Ashden Report

Guardians of the Land: new report helps funders back climate action by Indigenous Peoples 


Posted By:

Fiona Duggan

Policy and Impact Lead

A hand grabbing beans from a pile on the ground
A new Ashden report will help climate funders empower Indigenous Peoples, securing a vital defence against climate change.  


Report overview

Guardians of the Land shares key insights from five groundbreaking initiatives from the forests of Indonesia, Peru, Cameroon, the Democratic Republic of Congo and Brazil. These insights will support funders to identify and channel money to effective, inclusive projects in these countries and beyond.

Each initiative strengthens the resilience and rights of Indigenous communities and helps them earn a sustainable living. With this support, they are better placed to be custodians of the land in which they live. 

The empowerment of Indigenous Peoples will be essential if ambitions on climate and biodiversity – such as those shared at December’s UN Biodiversity Conference COP15 in Montreal – are to become a reality  

The featured initiatives are all previous winners or finalists in the annual Ashden Award for Natural Climate Solutions. 


Five pioneering initiatives 

Alam Sehat Lastari (ASRI), Indonesia 

For more than 15 years, ASRI has been working with Indigenous communities in Indonesian Borneo to reverse illegal logging and deforestation. Innovative steps such as chainsaw buy-back and ‘goats for widows’ schemes have helped reduce illegal logging by 90%. 

ECA Amarakaeri, Peru 

This partnership between reserve residents and government officials has created new opportunities for farming, fishing and tourism – as well as locally-led reserve patrols tracking illegal activity. 

CERAF, Cameroon 

This Cameroonian NGO helps communities in the Benoue National Park restore degraded lands through agroforestry – creating incomes through beekeeping and shea and cashew nut growing. Local people have planted 261,000 trees, restoring nearly 2,600 hectares.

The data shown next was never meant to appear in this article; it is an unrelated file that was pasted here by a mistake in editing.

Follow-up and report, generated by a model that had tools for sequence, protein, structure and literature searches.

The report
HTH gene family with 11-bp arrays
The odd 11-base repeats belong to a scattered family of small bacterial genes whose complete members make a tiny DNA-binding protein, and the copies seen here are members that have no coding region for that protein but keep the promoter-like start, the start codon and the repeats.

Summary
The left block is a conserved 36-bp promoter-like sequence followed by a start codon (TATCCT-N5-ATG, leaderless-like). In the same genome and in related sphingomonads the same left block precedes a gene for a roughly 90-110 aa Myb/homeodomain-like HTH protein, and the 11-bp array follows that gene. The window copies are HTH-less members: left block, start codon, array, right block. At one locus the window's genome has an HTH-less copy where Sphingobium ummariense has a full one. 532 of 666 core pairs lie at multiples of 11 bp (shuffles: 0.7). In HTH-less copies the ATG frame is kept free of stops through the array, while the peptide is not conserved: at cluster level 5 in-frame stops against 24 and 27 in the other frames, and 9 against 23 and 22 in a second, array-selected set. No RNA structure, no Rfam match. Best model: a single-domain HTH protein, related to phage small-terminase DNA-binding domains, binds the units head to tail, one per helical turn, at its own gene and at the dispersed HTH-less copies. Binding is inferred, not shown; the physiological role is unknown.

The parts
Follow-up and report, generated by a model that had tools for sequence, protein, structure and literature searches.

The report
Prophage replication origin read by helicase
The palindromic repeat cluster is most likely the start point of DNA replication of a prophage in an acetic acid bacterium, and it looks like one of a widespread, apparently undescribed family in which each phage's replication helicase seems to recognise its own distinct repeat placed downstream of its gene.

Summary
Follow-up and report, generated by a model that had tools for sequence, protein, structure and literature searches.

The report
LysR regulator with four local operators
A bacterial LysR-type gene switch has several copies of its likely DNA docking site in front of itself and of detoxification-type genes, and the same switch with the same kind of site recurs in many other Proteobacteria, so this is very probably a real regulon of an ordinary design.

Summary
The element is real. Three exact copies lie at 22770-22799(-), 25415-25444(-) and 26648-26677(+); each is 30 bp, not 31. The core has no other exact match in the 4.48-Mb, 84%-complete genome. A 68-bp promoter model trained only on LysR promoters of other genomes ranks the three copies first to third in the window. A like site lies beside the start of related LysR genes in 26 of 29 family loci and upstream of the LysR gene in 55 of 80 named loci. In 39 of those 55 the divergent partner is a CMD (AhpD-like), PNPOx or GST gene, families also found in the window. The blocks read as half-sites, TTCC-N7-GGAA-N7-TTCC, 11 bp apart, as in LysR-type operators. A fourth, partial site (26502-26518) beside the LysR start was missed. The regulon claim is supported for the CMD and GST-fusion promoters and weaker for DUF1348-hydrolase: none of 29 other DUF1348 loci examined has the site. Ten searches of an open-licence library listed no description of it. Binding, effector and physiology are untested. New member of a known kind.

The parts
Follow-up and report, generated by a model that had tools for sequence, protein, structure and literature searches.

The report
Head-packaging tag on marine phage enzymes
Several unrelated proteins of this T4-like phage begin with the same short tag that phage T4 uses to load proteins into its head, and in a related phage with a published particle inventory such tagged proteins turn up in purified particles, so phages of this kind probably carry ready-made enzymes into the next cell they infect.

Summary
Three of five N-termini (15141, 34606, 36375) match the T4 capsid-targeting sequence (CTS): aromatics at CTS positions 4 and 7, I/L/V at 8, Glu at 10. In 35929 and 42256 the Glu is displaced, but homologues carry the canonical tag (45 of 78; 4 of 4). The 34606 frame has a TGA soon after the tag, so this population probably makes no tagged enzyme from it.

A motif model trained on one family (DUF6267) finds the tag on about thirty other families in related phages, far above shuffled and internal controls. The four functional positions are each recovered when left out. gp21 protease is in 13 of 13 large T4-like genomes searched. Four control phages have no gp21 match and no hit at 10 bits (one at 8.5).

Mbou Mon Tour, Democratic Republic of Congo 

NGO Mbou Mon Tour has supported communities to win new legal status for their land – and to work on it more sustainably, with support such as farmer training and access to seeds and tools. About 10,000 people are directly benefiting, and the initiative has created new leadership roles for local women. 

Rede de Sementes do Xingu, Brazil 

This seed collection network helps communities in the Amazon earn an income while restoring forests and enhancing biodiversity. So far, the network has reforested more than 6,600 hectares of degraded areas in the Xingu and Araguaia Basin. 


Common features of success 

Fiona Duggan, Ashden’s Head of Policy and Impact, said: “The organisations covered in this briefing are diverse geographically and in areas of work, but share a common intent and approach. These include an impressive focus on participation and democratisation, and also building equity and strengthening community resilience. 

“Crucially, the success and legitimacy of the profiled organisations comes from not only being anchored in the communities they serve, but because those communities have driven the development of each initiative.  

“When looking to support natural climate solutions, donors and governments can maximise their impact by engaging with projects displaying these characteristics”. 



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